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This article is taken from PN Review 11, Volume 6 Number 3, January - February 1980.

Landscape of Fire (Philip Pacey) Jeremy Hooker

CHARLES OLSON took "SPACE to be the central fact to man born in America". I take place, and therefore historical time, to be the central facts to man born in Britain-since the middle of the last century, in particular, but also since Anglo-Saxon times, when elegy and a pervasive sense of those gone before, in a landscape of ancient ruins, became our dominant poetic modes. To these, before widespread secularization, one would have had to add an apprehension of the eternal, not as a subsidiary fact, but as interacting with these: it is a matter of how the things of place and time dance round the still point, of how they are shaped to embody the aspiration transcending them, of how their darkness interacts with its light.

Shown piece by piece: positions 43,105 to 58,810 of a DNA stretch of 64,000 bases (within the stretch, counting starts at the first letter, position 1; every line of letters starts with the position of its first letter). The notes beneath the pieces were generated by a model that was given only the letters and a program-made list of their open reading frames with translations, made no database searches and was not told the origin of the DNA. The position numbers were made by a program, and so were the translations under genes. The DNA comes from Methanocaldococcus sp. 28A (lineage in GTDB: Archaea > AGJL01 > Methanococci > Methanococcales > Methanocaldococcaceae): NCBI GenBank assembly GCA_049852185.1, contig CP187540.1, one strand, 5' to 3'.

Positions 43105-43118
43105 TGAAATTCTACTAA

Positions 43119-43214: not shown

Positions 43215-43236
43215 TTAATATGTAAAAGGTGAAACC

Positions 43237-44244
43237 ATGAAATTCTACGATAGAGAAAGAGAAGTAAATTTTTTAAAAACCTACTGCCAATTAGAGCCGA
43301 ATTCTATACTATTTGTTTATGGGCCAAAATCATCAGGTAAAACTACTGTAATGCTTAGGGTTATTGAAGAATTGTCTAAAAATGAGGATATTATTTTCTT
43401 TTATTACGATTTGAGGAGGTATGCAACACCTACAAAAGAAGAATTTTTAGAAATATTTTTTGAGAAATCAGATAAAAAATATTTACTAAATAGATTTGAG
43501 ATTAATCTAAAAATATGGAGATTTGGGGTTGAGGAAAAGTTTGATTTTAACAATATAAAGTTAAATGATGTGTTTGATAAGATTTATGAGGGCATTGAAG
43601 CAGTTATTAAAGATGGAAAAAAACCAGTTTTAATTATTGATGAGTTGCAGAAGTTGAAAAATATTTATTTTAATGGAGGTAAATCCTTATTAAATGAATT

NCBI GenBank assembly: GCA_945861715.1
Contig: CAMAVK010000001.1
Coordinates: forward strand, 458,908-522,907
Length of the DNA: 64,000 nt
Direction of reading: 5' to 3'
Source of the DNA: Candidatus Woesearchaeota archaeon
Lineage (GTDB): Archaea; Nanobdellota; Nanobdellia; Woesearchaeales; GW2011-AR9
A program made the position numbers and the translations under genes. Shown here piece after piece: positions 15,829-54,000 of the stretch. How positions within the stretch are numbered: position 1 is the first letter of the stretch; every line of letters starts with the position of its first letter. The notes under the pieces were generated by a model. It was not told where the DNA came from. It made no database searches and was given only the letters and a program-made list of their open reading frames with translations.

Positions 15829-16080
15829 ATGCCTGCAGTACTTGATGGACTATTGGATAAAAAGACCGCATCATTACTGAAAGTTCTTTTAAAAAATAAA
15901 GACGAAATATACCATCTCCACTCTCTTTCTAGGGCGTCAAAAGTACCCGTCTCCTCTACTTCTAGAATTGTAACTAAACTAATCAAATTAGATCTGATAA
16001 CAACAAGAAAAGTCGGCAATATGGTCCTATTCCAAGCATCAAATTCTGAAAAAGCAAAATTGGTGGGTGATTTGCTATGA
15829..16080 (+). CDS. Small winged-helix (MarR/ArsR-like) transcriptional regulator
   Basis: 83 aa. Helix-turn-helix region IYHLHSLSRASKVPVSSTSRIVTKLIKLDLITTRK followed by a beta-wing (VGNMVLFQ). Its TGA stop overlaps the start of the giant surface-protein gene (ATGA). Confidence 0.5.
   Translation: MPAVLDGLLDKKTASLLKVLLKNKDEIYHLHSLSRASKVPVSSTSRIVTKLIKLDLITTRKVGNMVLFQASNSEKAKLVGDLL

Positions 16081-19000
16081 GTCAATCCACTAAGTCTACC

Place and time are facts which can inhibit the poet's sense of movement, and allow the dust of familiarity to settle on all things. When religion in its traditional forms no longer makes them new, the religious sense will attempt to do so by other means. There are several ways in which English poets have perceived energy in their time-bound world, and released it in their writing, at the same time as they have seen the world afresh. It is not my purpose here to attempt an historical sketch of these several ways, but to indicate two which the poet under review has found available, and which converge in his work.

One way of releasing the energy which ...

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